There was a cautionary tale on Drudge this morning – two womed dies trying to help a couple of accident victims out in L. A. Unfortunately, the car had shorn off a street light *and* a fire hydrant. 48k volts later they were dead. If you feel the need to assist, walk, don’t run, and assess, assess, assess. Rule number 1 – don’t become part of the problem!!,0,7081357.story

    Be safe, warm, dry, and well-fed!

  2. Kathy Kinsley says:

    Thanks for reposting – I was going to go hunt this one down. To see if I’d missed anything. BEST advice I’ve ever heard. should be linking to you.

  3. Kathy Kinsley says:

    Whip you up some coffee, scrambled eggs and lovely applewood smoked bacon sammiches on the Weber gas grill, like we’ve done the morning after EVERY hurricane.

    Ah – and for those who don’t have freezers that last – steak and eggs in the morning isn’t a bad choice either. 😉

    We WERE NOT prepared for Charley, but we managed feasts for the first 3 days after the electric died. Steak and eggs the next morning and ‘WTH is in that’ stew the rest of the time (neighborhood effort…and I WISH I could reproduce a few of the WTH recipes…they were good – some were brilliant.) After the freezers got inedible we did a lot of soup and sandwich stuff. But we made it.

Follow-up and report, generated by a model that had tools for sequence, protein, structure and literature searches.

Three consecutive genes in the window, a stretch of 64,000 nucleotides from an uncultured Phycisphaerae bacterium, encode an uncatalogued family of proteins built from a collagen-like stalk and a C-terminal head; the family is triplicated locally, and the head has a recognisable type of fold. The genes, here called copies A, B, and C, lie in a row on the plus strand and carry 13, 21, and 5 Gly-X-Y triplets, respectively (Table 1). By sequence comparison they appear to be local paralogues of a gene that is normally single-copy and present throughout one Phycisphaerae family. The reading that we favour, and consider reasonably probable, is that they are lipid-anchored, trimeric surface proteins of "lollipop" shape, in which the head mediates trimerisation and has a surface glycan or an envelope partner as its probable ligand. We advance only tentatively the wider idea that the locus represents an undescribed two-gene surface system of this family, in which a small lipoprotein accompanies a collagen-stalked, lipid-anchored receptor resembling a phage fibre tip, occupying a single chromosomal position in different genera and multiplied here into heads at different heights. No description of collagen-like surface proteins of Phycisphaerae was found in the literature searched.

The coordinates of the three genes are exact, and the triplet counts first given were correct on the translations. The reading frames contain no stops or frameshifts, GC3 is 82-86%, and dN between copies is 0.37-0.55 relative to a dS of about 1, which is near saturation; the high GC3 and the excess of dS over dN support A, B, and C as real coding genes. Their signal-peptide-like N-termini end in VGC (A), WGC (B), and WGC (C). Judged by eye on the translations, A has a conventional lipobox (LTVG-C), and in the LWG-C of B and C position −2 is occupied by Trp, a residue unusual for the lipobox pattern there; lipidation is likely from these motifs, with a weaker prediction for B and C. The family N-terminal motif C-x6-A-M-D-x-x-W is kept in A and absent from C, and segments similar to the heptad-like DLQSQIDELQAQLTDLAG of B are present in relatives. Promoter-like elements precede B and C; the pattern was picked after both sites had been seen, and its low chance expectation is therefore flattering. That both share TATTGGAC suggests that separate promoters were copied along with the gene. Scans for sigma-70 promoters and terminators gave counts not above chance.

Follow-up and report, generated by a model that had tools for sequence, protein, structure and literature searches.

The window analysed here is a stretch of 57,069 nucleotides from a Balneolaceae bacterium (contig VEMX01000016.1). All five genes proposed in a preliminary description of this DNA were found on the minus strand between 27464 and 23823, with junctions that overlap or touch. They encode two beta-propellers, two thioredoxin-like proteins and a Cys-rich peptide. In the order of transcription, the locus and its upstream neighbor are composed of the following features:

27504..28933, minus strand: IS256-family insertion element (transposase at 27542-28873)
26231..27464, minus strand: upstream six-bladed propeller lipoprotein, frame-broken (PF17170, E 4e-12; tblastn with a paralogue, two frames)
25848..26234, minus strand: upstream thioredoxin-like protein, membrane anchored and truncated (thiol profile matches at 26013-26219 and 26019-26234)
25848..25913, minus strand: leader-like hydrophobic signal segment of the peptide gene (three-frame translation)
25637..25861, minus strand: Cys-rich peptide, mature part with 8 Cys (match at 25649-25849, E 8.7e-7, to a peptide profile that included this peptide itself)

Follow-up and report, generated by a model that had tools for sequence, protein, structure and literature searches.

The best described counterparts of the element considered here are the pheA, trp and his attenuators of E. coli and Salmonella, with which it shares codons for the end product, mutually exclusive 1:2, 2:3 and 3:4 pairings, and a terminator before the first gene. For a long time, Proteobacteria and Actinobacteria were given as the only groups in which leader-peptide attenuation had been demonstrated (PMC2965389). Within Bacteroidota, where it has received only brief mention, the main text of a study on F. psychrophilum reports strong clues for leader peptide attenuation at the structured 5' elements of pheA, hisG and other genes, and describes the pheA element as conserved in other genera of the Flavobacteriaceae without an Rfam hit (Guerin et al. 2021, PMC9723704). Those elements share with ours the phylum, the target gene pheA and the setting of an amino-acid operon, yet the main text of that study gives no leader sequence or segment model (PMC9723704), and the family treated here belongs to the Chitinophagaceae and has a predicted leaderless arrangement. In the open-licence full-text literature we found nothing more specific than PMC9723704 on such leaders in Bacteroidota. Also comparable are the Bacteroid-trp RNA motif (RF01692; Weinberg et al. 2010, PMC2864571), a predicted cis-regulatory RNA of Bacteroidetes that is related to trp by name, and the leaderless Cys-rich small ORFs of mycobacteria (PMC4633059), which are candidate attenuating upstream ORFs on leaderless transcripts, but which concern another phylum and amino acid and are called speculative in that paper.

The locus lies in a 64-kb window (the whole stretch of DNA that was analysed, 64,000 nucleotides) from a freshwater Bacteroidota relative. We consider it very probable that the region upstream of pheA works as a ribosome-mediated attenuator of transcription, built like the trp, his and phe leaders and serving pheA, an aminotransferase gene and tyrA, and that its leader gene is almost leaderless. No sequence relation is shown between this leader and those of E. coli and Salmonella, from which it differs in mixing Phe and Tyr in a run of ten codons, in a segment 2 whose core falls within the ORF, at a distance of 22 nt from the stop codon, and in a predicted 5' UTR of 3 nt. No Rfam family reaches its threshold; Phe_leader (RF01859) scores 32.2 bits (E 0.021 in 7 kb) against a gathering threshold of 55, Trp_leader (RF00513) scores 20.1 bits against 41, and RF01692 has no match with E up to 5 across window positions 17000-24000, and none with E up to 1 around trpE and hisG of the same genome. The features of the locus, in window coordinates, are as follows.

And for the next one, we WERE prepared.

    One note – anything in your freezer you can’t bear to lose? EAT IT NOW. And enjoy it.

  4. tree hugging sister says:

    Kathy, thank you so much! That was incredibly sweet. Did my heart good. 🙂 And my head BIG. 😛

  5. Ave says:

    During my Miami phase I happened to be out of town when Andrew hit and went back with a suitcase filled with vienna sausages, crackers and spray cheese. If I ever have to live through a hurricane I hope it will be with you guys and thanks for the excellent information. Good luck to everyone in the path of the storm.

  6. currently says:

    I’ll add my 2 cents:

    Do not cut the wires on the ground with your chainsaw.

    Have some country ham & biscuits with the coffee.

  7. Rob says:

    One other thing to add to this excellent list: When it’s over, you may have a real mess to clean up outside. By all means, deal with immediate concerns … carefully. Let EVERYTHING else wait. Bear in mind that you may not have a clear path to a hospital emergency room or any other facility due to road flooding or fallen trees. Also, the emergency room or facility is undoubtedly having its own problems such as staffing shortages and power outages. I know that fallen tree in the backyard is driving you crazy but if your chainsaw’s chain pops, you’d better be able to walk or run to the nearest facility for stitches.

  8. Mori says: